“Activist, educator, historian Timuel Black, the revered elder statesman and griot of Chicago’s Black community, was active in every major American movement during his long life and spent his later years telling stories from our nation’s blueprint — in oral and literary form.
“A retired sociology and anthropology professor with City Colleges of Chicago, a former Chicago Public Schools high school history teacher and a pioneer in the independent Black political movement who coined the phrase ‘plantation politics,’ Mr. Black died Wednesday.
“‘Tim left his mark on this city, on his friends who knew him and on those who knew of him, and he would like for his legacy to be an inspiration to people who are trying to make this world a better place, because that’s all he tried to do,’ his wife [Zenobia Johnson-Black] said.
“The revered community leader and scholar was 102.
“Among those expressing sadness at Mr. Black’s death was Barack Obama, who said ‘the city of Chicago and the world lost an icon with the passing of Timuel Black.’
“The former president’s statement continued: ‘Over his 102 years, Tim was many things: a veteran, historian, author, educator, civil rights leader, and humanitarian. But above all, Tim was a testament to the power of place, and how the work we do to improve one community can end up reverberating through other neighborhoods and other cities, eventually changing the world.’
“A prolific author whose sharecropper parents fled Birmingham, Alabama, for Chicago in the Great Migration, Mr. Black made the Chicago Sun-Times’ 2018 list of the 200 most prominent Illinoisans in the state’s 200-year history.
“Mr. Black’s family settled in the city’s densely populated “Black Belt”— now Bronzeville — where Blacks were confined, due to restrictive covenants forbidding them from moving into white neighborhoods.
“‘There were two waves of Great Migrations. My parents were part of the first wave around World War I, when industrialists enticed African Americans north for cheap labor. The second wave occurred around World War II, when people were pushed off the land by agricultural technology,’ said Mr. Black, an authority on the 55-year phenomenon in which six million Blacks left the South for the North and West between 1915 and 1970.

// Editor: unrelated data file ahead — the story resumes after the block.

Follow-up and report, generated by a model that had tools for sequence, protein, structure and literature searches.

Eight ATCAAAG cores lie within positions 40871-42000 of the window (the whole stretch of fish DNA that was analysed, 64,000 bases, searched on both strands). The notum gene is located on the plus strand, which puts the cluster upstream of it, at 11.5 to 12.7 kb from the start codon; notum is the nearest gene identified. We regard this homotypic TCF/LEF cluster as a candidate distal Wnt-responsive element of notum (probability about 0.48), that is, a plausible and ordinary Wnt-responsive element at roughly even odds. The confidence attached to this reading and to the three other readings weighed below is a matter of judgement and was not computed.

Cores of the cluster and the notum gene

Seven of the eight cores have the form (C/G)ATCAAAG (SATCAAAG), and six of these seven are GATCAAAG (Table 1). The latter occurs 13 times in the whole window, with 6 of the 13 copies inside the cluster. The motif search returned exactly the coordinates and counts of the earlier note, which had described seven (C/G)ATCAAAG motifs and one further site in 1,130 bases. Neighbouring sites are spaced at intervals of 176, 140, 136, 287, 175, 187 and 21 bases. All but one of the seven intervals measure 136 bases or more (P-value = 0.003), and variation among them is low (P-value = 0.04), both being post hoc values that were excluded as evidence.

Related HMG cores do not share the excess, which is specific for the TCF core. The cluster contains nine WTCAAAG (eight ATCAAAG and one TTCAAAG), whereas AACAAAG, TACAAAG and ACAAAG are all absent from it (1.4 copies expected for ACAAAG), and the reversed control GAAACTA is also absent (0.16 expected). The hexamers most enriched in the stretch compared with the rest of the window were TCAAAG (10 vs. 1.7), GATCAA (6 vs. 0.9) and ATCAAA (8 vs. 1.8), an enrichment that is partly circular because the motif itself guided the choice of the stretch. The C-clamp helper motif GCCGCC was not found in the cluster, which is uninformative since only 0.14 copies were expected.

“‘They fled the South for better opportunities — education, jobs, housing, the right to vote. Instead, they were ghettoized by landlords determined not to rent or sell to Negroes. By the mid-’50s, the population in what was called the Black Belt was 84,000 per square mile — four times the 23,000 density of adjoining white communities,’ Mr. Black recounted.
“‘It wasn’t until 1940, when Carl Hansberry, father of Lorraine Hansberry, fought the restrictive covenants with ‘Hansberry vs. Lee’ — taking it all the way to the Supreme Court — that the barriers of segregation were broken in Woodlawn. ‘Shelley vs. Kraemer’ in 1948 then cleared the way for people to leave the ghetto,’ he said, ever the professor.
“Mr. Black wrote two seminal volumes of oral histories on the subject. The 2003 ‘Bridges of Memory: Chicago’s First Wave of Great Migration,’ compiled conversations with Great Migration descendants, among them the father of jazz musician Herbie Hancock and the mother of former Obama White House adviser Valerie Jarrett. The 2007 “Bridges of Memory: Chicago’s Second Generation of Black Migration” centered on those who were teenagers during the Civil Rights Movement.
“‘Clearly, the most important thing that has happened in this country has been the migration of African Americans from the South into places like Chicago. Timuel Black’s life was shaped by those stories,’ Lonnie Bunch, founding director of the Smithsonian National Museum of African American History and Culture — now secretary of the Smithsonian Institution — told the Sun-Times on Black’s 100th birthday.
“‘Here is someone who has lived his whole life trying to make Chicago better, working in labor, in education, in civil rights,’ Bunch said. ‘He has dedicated his life to fighting for fairness for the African American community. What is really important to me is that Tim is also the keeper of the flame. He keeps the history of Black Chicago alive, reminding us that civil rights is an ongoing struggle.’ (Ihejirika, Chicago Sun-Times, 10/13/21)
Timuel Black, historian, civil rights activist, dies at 102; Mr. Black, a political and civil rights activist, educator, historian, prolific author and revered elder statesman and griot of Chicago’s Black community, died Wednesday, Maudlyne Ihejirika, Chicago Sun-Times, 10/13/21
Timuel Black Honored At Homegoing Funeral Service In Hyde Park: ‘He Had An Unquenchable Spirit Of Hope’: Black, the iconic civil rights activist and educator, died just shy of his 103rd birthday earlier this month, Maia McDonald, Block Club Chicago, 10/22/21